This Easter, over two billion Christians around the world will celebrate "the Resurrection of Christ," and a large percentage of them will be Black. According to a 2007 Pew Report, 78% of Blacks in America identify as Protestant while a 2011 report by Pew notes that nearly 24% of Christians live in Sub-Saharan Africa. Christianity’s explosion across Africa led many to call for the Vatican to select a successor to Pope Benedict from the Continent with Ghanaian Cardinal Peter Turkson among the suggested shortlist. This said, many think of Christianity as "the White man's religion."
The Christian faith occupies a complicated, often racialized place in the history of Blacks all over the globe because of how it was abused by White colonists and slave traders to subjugate Blacks. “Christianity was a double-edged sword [for African-Americans],” says Dr. Lawrence H. Mamiya, Professor of Religion and Africana Studies at Vassar College and co-author of The Black Church in the African American Experience.
“On the one hand, well, Whites wanted to use Christianity to make slaves docile and obedient. [On the other hand,] the Africans adapted Christianity for their survival and liberation.”
But long before colonialism and slavery, Africans were practicing Christianity. “We know that Christianity has had a long history in Africa itself, pre-dating any kind of European influence,” Mamiya says.
Christianity reportedly arrived in North Africa in the latter part of 1st century AD/early part of the 2nd, while “the adoption of Christianity in Ethiopia dates to the fourth-century,” according to findings by the Metropolitan Museum of Art. The Bible also documents the conversion of an Ethiopian eunuch as the early church was forming. Likewise, Moroccan explorer Ibn Battuta mentions Christians in Nubia (an area that covers present-day northern Sudan and southern Egypt) in his 14th century travelogue. But when Europeans penetrated Sub-Saharan Africa in the 16th Century, ultimately mining the region for Africans to enslave, the historical narrative shifts which is perhaps why many associate the religion most with Europeans to this day.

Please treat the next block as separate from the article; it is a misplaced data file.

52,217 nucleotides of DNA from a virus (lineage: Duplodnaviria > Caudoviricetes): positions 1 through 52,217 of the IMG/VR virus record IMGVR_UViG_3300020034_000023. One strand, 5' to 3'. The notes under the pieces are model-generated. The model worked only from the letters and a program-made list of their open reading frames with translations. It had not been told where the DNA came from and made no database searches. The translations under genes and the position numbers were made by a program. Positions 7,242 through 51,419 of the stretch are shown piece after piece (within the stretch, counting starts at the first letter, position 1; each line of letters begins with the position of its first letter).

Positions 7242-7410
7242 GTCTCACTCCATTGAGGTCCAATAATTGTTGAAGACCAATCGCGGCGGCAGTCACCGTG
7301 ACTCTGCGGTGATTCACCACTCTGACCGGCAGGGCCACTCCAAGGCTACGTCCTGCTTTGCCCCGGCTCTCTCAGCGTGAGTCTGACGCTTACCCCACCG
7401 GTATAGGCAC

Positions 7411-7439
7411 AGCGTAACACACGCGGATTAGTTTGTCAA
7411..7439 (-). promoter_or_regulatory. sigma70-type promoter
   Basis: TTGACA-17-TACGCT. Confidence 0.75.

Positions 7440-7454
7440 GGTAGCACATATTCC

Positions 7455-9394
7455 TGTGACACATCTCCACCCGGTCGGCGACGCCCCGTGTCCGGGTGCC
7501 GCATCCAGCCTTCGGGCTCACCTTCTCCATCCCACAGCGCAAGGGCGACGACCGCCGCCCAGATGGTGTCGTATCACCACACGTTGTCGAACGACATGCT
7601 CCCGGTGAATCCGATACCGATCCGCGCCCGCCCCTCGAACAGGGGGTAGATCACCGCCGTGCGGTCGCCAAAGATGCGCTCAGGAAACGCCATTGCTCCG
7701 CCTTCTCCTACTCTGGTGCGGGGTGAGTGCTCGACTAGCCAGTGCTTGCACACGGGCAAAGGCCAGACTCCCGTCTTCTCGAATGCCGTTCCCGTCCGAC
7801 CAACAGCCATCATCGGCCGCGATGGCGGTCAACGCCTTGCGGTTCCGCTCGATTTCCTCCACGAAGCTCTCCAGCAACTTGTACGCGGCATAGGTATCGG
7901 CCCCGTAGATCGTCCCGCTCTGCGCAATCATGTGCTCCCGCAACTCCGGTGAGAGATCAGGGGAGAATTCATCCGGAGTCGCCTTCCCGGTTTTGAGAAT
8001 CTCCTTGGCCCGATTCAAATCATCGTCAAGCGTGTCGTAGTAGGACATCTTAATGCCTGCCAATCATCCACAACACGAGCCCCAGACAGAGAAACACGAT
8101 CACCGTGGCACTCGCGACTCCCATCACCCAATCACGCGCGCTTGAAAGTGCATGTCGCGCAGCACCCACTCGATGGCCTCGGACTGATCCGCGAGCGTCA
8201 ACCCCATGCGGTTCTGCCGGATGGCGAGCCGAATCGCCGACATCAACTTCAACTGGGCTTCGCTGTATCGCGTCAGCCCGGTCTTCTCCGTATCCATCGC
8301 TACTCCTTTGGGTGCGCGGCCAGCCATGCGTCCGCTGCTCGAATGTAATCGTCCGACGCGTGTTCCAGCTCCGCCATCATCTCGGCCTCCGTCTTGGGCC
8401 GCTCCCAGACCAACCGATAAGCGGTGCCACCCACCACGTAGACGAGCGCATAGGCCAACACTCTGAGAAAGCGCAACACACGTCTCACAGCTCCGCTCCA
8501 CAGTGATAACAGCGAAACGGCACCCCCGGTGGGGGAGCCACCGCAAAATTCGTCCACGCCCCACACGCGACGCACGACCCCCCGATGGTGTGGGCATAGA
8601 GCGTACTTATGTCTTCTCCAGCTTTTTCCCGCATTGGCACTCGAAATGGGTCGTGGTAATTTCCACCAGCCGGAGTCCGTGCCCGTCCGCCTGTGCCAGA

Dr. Leslie King-Hammond, historian, artist, curator and Dean of the Maryland Institute College of Art, observes, “many of the Africans who came to the New World, probably had already had contact with Christianity from missionaries who were stationed on the Continent.” Once in America, many Africans faced a confusing range of options with respect to the religion. While some slaveholders encouraged conversion to Christianity, others did not.
Before 1667, baptism was a legal ticket to freedom. Later, Nat Turner led a bloody slave revolt while Denmark Vesey plotted one, both citing Christian visions as their motivation. Meanwhile, Christian abolitionists argued that slavery defied the teachings of the Bible.
With a new exhibit she has curated called “Ashe to Amen: African Americans and Biblical Imagery”, King-Hammond examines what Black people did with the religion once they were in America.
“They came into the Bible under very arduous conditions. They never had the kind of orientation or interpretation that came from White teachers and White preachers because they were so much involved with pursuing literacy as an act of resistance.” King-Hammond continues, “[The White slaveholders] didn’t want them to learn how to read… However, Africans did learn to read, and they did learn to write, and they did learn how to preach; and they created their own church.”
The Black church has historically doubled as a religious institution and harvest center for social and political activism. Mamiya points out, “Black churches helped to create the first Black banks, the first Black[-owned] life insurance company.”
Mamiya puts the connection the phenomenon of Black clergymen/politicians in historical context. “The leaders of black churches, the clergy, originally came from African priests, and so they were looked upon as leaders of the community.” He adds, “At least in the 19th century, they were the most educated of the community. And so they emerged as political leaders…after the Civil War.
“The first Black senator elected to Congress was the Reverend Hiram Revels of Mississippi, an AME clergyman. And you’ll see that tradition continue.” He cites Reverend Jesse Jackson, Sr. and Reverend Al Sharpton who both ran for President, Representative Adam Clayton Powell, Jr. who was pastor of the Abyssinian Baptist Church in Harlem, Pennsylvania politician Reverend Bill Gray, and former Congressman Reverend Floyd Flake, as examples.
King-Hammond has been working with theologians, scholars and artists for the last 10 years, researching how artists visualized faith then and now. “They were looking at the Bible and what the Bible meant within the context of the African-American experience,” she says. “What you see in ‘Ashe to Amen’ is a trail of visual artists of African descent who are in the intersection of their African world belief systems, which they brought with them, and the intersection of what happens when they connected with Christianity.”
She reflects, “It is a show that talks about the resiliency, the tenaciousness of people who have prevailed through centuries of time to still stand tall, and proud, and fearless.”
“Ashe to Amen” will be on display through May 26th at the Museum of Biblical Art in New York before traveling to the Reginald F. Lewis Museum in Baltimore and the Dixon Gallery and Gardens in Memphis, Tennessee.